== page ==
- *(ii) Permutation of residuals under a reduced model.* This approach was first described for linear models by Freedman & Lane (1983) and is the default option in PERMANOVA because it has excellent empirical and theoretical properties. Empirically, it yields the best power and the most accurate type I error for multi-factorial designs in the widest set of circumstances ({{@324#bkmrk-anderson1999a}}, {{@324#bkmrk-anderson2003b}}). Also, this method is theoretically the closest to the conceptually exact test ({{@324#bkmrk-anderson2001c}}). The idea is to isolate the term of interest in the model for each test by fitting the other terms (the *reduced* model), obtaining residuals from that reduced model, and permuting those. In other words, the entities that are exchangeable under the null hypothesis for a particular term are the *errors* (estimated by the residuals) obtained after *removing* the terms in the model that are not of interest for that test. The definition of the reduced model (and therefore the residuals arising from them) thus depends on which term is being tested^{28}.
- *(iii) Permutation of residuals under the full model.* This method was described by {{@324#bkmrk-terbraak1992a}}. The idea is to obtain residuals of the full model by subtracting from each replicate the mean corresponding to its particular cell (combination of factor levels). These residuals are estimating the errors associated with each replicate. These are then permuted and the statistic is re-calculated *for all terms using these residuals* (as if they were the data) under permutation. This method mostly gives results highly comparable to method (ii). It relies somewhat more than (ii), however, on large within-cell sample sizes for precision. It has the advantage, however, of being faster than method (ii) for the analysis of the entire design, as the same residuals are permuted for all terms in the model under test.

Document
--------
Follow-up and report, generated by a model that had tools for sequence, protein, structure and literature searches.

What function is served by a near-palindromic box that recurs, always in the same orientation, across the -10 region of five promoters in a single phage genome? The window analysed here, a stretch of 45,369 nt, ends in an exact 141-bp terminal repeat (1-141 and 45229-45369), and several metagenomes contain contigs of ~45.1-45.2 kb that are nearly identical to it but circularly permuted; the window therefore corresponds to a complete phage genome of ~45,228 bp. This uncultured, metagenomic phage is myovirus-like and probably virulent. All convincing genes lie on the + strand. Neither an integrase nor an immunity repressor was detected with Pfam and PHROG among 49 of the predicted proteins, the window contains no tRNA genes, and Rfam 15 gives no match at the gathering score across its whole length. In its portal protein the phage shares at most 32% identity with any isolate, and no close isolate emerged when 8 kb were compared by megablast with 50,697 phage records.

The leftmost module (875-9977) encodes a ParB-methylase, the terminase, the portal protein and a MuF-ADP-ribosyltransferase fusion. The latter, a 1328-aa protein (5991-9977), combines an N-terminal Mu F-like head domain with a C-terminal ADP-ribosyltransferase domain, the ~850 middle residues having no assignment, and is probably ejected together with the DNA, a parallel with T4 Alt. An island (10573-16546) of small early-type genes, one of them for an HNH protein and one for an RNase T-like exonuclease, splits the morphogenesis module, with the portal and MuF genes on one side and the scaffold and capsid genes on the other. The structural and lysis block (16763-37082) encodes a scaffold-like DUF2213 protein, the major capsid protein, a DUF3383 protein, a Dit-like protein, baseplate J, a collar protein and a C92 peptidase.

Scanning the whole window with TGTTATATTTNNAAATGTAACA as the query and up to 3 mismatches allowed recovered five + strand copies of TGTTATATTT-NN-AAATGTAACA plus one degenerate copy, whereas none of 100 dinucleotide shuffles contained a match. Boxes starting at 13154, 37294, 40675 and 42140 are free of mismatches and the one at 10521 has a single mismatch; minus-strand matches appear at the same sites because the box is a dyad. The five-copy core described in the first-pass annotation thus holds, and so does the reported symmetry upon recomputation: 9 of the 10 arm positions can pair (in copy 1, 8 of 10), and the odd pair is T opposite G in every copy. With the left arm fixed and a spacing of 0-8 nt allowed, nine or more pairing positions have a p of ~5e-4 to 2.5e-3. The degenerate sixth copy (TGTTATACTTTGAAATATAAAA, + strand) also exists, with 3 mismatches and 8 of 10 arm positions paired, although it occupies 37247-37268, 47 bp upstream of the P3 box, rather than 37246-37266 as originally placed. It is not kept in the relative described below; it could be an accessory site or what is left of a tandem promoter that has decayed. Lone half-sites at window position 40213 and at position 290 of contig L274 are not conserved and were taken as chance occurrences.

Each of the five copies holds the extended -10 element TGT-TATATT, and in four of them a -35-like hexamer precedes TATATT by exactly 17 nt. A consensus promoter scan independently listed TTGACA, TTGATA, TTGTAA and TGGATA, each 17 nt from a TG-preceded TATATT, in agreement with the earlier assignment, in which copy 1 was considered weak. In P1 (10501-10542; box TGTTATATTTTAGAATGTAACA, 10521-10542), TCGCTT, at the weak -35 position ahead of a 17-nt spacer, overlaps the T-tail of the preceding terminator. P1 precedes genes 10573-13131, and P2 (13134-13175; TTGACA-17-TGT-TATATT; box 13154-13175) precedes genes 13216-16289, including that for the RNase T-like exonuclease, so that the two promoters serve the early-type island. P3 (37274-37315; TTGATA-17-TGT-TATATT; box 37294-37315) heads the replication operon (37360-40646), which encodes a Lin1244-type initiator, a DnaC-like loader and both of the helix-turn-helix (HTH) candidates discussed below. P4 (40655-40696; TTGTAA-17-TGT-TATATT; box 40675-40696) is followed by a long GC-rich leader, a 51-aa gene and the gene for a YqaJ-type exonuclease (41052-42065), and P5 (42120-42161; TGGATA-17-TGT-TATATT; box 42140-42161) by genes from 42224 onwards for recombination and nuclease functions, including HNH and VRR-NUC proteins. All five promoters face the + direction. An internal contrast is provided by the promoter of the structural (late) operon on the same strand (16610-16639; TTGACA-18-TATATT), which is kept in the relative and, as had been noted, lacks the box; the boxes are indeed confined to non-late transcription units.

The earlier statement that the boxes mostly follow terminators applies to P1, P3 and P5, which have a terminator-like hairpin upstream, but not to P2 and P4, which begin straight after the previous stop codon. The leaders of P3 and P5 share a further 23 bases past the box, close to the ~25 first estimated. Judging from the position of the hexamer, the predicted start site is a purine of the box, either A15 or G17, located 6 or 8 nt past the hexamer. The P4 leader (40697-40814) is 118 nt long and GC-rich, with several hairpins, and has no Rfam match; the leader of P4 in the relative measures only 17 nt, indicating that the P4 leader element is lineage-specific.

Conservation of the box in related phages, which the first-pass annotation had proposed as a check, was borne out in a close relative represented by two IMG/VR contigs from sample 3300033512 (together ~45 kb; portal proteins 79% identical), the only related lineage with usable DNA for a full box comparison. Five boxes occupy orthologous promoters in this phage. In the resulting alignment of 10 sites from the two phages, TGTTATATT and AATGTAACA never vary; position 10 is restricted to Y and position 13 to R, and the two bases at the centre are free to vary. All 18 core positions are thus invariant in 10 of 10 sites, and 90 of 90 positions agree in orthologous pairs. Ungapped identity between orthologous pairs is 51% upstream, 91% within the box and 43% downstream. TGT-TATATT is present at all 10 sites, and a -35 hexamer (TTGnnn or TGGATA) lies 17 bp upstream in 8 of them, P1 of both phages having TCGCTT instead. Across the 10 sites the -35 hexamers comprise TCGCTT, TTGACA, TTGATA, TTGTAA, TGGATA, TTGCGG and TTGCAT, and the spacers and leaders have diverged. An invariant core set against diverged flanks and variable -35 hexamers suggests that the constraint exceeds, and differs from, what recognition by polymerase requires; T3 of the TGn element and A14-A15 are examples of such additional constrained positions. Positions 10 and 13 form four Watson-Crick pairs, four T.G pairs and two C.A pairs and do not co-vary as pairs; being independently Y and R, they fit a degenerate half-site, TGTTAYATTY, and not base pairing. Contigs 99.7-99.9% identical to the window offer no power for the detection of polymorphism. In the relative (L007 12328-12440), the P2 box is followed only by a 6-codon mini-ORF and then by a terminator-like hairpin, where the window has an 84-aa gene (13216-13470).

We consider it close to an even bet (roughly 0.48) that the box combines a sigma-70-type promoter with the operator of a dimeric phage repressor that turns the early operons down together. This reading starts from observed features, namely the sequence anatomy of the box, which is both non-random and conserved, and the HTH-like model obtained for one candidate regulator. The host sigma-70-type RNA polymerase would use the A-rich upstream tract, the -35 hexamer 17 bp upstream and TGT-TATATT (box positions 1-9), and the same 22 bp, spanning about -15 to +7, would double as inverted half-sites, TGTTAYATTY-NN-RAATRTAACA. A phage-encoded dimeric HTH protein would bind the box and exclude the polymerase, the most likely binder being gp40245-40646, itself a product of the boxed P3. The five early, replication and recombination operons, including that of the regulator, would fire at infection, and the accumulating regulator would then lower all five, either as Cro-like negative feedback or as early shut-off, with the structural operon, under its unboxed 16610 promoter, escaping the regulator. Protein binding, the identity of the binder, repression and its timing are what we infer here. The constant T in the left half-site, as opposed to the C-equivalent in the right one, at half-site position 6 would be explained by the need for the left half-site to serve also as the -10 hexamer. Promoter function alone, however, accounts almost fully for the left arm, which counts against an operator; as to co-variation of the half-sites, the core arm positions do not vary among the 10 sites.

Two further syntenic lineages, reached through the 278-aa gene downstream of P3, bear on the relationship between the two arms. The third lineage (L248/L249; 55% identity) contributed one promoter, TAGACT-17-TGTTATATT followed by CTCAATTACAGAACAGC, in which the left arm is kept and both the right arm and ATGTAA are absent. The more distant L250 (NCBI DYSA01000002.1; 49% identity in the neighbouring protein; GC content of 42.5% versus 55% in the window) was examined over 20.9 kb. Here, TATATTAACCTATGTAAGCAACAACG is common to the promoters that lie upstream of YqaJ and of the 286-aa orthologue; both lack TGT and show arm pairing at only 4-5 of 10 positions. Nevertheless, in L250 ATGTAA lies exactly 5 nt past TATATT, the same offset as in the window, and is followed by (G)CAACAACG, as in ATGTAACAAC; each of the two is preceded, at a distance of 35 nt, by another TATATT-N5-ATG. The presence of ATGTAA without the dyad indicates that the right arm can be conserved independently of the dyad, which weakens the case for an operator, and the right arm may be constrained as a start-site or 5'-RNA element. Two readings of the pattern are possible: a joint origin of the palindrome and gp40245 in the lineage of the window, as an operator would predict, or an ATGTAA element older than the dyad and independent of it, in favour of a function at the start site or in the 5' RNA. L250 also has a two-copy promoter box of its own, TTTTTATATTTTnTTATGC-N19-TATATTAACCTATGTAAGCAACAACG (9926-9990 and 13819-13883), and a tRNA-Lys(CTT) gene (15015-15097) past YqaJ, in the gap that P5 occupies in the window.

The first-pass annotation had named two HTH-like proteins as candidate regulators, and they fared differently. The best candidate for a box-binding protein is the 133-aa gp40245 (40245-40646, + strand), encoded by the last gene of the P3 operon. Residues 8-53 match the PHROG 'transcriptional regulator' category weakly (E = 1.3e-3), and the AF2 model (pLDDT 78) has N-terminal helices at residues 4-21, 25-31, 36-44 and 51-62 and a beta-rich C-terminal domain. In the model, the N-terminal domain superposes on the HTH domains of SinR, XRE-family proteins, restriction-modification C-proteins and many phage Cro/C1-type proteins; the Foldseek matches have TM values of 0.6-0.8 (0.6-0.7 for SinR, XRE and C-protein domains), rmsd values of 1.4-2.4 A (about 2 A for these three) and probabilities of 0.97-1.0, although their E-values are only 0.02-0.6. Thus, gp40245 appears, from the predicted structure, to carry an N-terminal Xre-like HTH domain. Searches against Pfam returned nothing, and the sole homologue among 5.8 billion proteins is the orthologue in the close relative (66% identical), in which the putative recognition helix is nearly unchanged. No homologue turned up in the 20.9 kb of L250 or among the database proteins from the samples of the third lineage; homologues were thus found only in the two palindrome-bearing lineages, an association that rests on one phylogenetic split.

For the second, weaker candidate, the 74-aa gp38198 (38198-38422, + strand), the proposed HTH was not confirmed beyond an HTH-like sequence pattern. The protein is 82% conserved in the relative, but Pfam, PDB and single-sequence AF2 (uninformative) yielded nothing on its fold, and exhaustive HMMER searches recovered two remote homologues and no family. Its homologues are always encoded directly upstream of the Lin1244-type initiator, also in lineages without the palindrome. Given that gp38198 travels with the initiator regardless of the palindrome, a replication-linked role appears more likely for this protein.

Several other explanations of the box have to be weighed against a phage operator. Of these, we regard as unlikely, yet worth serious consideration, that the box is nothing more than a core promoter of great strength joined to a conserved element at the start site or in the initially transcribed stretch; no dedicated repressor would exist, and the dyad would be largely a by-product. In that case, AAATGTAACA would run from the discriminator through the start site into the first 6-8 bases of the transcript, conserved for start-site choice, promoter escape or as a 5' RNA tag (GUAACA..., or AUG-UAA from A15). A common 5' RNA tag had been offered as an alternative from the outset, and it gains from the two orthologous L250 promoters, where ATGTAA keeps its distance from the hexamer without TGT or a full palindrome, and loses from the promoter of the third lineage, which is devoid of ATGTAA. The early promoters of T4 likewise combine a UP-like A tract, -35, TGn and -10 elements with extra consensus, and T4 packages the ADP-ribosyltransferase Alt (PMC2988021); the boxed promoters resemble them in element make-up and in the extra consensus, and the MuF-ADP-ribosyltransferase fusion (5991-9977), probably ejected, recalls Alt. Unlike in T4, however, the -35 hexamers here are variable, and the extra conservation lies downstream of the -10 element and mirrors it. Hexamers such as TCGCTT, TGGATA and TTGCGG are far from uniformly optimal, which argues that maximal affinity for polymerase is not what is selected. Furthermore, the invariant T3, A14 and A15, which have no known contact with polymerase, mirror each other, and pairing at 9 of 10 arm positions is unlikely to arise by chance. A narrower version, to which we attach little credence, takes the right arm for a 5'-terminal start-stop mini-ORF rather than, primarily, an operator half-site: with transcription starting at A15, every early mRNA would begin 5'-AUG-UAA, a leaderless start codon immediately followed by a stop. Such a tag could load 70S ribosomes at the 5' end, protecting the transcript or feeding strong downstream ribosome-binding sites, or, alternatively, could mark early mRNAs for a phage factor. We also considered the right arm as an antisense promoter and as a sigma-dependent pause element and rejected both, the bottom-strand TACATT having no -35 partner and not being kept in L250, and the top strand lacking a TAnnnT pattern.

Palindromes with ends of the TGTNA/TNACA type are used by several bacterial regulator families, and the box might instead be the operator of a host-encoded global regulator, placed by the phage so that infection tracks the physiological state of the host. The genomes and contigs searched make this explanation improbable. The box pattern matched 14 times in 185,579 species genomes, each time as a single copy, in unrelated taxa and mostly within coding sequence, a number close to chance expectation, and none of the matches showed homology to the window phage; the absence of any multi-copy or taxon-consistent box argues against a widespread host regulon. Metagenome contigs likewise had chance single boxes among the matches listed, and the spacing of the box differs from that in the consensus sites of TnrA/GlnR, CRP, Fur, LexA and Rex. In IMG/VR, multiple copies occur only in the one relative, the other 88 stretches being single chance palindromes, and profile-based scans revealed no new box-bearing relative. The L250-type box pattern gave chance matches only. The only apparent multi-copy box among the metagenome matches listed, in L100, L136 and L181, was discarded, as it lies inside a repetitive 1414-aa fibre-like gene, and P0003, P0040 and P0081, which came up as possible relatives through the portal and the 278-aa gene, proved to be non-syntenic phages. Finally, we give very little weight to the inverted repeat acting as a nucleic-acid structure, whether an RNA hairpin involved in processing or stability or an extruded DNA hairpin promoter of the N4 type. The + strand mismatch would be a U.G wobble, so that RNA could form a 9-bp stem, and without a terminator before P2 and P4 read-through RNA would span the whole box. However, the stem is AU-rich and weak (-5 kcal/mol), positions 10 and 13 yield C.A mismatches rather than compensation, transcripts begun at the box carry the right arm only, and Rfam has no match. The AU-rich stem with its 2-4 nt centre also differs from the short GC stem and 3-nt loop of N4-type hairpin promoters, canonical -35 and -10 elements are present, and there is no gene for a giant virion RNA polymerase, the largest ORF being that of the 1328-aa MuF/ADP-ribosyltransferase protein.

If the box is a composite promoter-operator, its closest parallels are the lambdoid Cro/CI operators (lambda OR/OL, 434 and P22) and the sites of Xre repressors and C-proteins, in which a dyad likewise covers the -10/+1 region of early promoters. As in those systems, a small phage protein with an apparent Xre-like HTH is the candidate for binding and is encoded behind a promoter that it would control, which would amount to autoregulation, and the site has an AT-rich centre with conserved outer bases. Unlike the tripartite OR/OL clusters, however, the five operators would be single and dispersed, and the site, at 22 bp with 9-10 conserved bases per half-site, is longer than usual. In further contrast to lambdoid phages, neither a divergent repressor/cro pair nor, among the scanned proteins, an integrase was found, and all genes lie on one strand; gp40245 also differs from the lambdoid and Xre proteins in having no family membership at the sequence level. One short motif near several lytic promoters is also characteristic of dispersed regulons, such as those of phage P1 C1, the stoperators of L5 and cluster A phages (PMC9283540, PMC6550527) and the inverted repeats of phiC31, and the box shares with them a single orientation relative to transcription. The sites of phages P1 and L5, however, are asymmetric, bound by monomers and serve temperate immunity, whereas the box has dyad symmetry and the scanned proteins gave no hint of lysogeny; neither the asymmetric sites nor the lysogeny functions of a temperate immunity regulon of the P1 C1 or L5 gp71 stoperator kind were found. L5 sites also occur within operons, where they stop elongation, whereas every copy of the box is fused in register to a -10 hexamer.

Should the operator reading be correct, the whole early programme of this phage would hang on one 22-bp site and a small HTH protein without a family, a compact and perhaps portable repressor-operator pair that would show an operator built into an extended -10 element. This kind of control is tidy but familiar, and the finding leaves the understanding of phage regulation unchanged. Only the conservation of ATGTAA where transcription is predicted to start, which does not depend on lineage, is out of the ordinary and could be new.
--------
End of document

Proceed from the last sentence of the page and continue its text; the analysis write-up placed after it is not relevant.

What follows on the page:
In general, we recommend using method (ii), which is the default. Method (i), however, does provide an exact test for the one-way case, so should be used for one-way ANOVA models. Otherwise, note that methods (ii) and (iii) both require estimation of parameters (means) in order to calculate residuals as deviations from fitted values. When sample sizes are small, these estimates are not very precise (i.e., they may not be very close to their “true” values), so the residuals being permuted, in turn, may not be good representatives of the “true” errors ({{@324#bkmrk-anderson2001c}}). Thus, in the case of relatively small sample sizes (say, *n* < 4 replicates per cell), method (i) is also recommended (provided there are no outliers in covariables, as mentioned above). Method (iii) is probably only advisable if you wish to use method (ii), but the time required is getting overly burdensome.
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^{26} An *asymptotically exact test* is a test for which the type I error (probability of rejecting the null hypothesis when it is true) asymptotically approaches (converges on) the *a priori* chosen significance level (a) with increases in the sample size (*N*).
^{27} Note that “less powerful” does not necessarily mean that using (i) will give you a smaller *P*-value than (ii) or (iii) for any particular data set. It means that, in repeated simulations, the empirical power (estimated probability of rejecting the null hypothesis when it is false) was, on average, smaller for method (i) than for either of the other two methods in most situations.
^{28} For unbalanced designs, it also depends on which Type of SS is chosen for the test. For Type I SS, the order in which the terms are fitted will also matter here.